The ranks of the Blue Dog Coalition thinned even more with Rep. Heath Shuler’s retirement announcement today, immediately calling the group’s future into question.
The once-mighty fiscally conservative group was a thorn in the side of Democratic leaders while the party was in the majority following the 2006 elections, but the Blue Dogs lost scores of members to the bruising 2010 midterms, a trend that will continue as a wave of retirements has hit them.
“Oh man, that’s a crushing blow to the institution, and it’s tough for the Blue Dogs,” said Rep. Kurt Schrader (Ore.), a Blue Dog Democrat who had not yet heard about Shuler’s announcement.
Shuler is just the latest in a string to announce retirements, but the North Carolina Democrat insisted the Blue Dogs would always have a place in the House.
“I feel very confident there’s going to be 20 others that take our place next year,” he said shortly after releasing his announcement, citing family reasons as the cause for his retirement.
After seeing their numbers halved after the midterm elections, many decided in the past year to hang it up, including Reps. Mike Ross (Ark.), Dan Boren (Okla.) and Dennis Cardoza (Calif.). Rep. Joe Donnelly (Ind.) is running for the Senate, and former Rep. Gabrielle Giffords (Ariz.) vacated her seat last week to continue her recovery after being shot in the head at a constituent event last year. Former Rep. Jane Harman (Calif.) stepped down last year to take a position as the head of the Woodrow Wilson Center.
Rep. Jim Matheson, who co-chairs the Blue Dog Coalition’s political action committee, said the news is not easy to take, but he said he remains optimistic the group will rebuild.
“I hate to see my friends go. Don’t let me sugarcoat this. But I think, in terms of the ideas behind the Blue Dogs, is what America wants. I think it’s still a very viable and credible organization,” the Utah Democrat said. “I see this as a bump in the road in terms of folks who may be leaving, but I also see an opportunity for Blue Dogs to fill a void that’s missing in Washington, D.C.”
The group has endorsed five candidates so far, and Matheson said more endorsement are on the way. The five candidates are Florida state Rep. Leonard Bembry, South Carolina state Rep. Ted Vick, Arkansas state Rep. Clark Hall, Iraq War veteran Brendan Mullen in Indiana and Assistant U.S. Attorney Rob Wallace in Oklahoma.
The recruiting class gave Rep. Sanford Bishop cause to believe the ranks will be replenished.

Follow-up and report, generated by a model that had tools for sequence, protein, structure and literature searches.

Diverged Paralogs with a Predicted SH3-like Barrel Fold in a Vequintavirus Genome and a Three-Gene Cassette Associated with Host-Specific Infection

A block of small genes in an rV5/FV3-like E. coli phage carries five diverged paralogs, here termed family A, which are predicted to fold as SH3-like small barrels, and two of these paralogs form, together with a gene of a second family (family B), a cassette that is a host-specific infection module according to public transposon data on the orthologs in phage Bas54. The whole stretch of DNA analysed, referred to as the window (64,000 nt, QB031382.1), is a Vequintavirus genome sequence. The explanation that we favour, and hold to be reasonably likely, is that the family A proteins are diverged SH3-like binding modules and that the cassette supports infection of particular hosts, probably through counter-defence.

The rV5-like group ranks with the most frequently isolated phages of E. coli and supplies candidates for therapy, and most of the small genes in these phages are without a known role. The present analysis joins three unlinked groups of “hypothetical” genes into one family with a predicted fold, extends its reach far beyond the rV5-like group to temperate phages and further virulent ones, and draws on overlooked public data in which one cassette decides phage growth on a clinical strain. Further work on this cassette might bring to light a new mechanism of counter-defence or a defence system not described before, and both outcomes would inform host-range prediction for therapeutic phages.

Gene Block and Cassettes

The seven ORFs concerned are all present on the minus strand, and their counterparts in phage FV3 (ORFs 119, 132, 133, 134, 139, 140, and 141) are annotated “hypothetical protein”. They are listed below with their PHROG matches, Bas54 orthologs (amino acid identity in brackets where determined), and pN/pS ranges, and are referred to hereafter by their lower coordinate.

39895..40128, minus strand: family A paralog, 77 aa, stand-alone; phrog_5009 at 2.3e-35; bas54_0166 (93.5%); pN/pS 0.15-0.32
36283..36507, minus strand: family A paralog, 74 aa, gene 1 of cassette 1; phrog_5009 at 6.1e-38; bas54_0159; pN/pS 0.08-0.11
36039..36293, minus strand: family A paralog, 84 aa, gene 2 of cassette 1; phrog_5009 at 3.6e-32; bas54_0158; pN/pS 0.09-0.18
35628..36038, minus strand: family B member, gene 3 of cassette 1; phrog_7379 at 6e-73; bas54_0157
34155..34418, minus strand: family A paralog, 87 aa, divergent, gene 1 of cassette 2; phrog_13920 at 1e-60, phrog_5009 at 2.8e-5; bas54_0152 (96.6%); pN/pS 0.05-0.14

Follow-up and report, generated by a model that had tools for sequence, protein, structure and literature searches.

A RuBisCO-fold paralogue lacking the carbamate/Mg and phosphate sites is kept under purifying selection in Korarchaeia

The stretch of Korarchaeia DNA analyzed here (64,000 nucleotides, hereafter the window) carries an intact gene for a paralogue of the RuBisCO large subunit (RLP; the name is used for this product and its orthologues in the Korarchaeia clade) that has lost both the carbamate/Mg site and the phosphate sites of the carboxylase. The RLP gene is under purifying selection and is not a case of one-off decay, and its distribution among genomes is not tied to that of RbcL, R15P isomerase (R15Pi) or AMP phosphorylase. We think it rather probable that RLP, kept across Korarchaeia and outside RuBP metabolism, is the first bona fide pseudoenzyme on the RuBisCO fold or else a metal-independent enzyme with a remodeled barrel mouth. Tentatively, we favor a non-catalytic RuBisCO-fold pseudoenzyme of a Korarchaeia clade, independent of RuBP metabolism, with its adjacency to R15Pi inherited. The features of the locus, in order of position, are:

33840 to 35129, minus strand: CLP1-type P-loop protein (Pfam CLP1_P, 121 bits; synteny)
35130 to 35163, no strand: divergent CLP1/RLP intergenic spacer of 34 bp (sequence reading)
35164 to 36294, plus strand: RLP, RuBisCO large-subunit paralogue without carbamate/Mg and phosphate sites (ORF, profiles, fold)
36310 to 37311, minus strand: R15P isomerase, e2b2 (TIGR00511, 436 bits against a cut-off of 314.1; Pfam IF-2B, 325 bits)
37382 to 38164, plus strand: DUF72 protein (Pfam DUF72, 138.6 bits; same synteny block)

“The elections haven’t even been held yet,” the Georgia Blue Dog Democrat said. “We’ve got a strong recruiting class, and there are some very good prospects that probably will even up the numbers that we’re losing.”
Democrats have been bullish about their chances of winning at least 25 seats to win back the House majority, and that goal requires them to win in swing districts like those represented by Blue Dogs. As far as Shuler’s seat, redistricting saddled him with an overwhelmingly Republican district.
“It makes it a little bit more difficult to retain the seat,” Democratic Caucus Chairman John Larson (Conn.) said. “We’ve got our work cut out for us, and we have had for some time, but we think there are several paths to the majority.”
Democratic Congressional Campaign Committee Chairman Steve Israel, a one-time Blue Dog member, denied that the party’s goal is any harder with Shuler and other fiscally conservative Democrats opting to leave Congress.
“When we laid out our strategic plan to win 25 seats, we took into consideration the hill would be a little higher in places like North Carolina for us and much higher in areas like Illinois, California and elsewhere” for Republicans, Israel said.
Israel said there would still be a place for Blue Dogs in the Democratic Caucus, despite their thinning ranks. In a statement, Ross, like Shuler a co-chairman of the group who is retiring this year, also vowed the coalition would live on.
“The Blue Dog Coalition will continue to follow his example of leadership and work hard to bring both parties together to solve the fiscal challenges that face this nation,” he said.
Shuler passed on running for governor in the Tar Heel State, and his name was floated as a potential athletic director candidate at the University of Tennessee, his alma mater and where he was the starting quarterback on the football team. Shuler said he told Democratic leaders today of his decision after weeks of consideration, during which some colleagues tried to talk him into staying.
“This is not a surprise to any of them,” he said.
Minority Leader Nancy Pelosi, whom Shuler unsuccessfully challenged for Democratic leader last year, said Shuler “has been a national leader for fiscal responsibility who has always maintained a laserlike focus on his constituents in western North Carolina.”
“Congressman Shuler will be missed by his colleagues on both sides of the aisle,” the California Democrat said in a statement. “We wish him the best in his next steps.”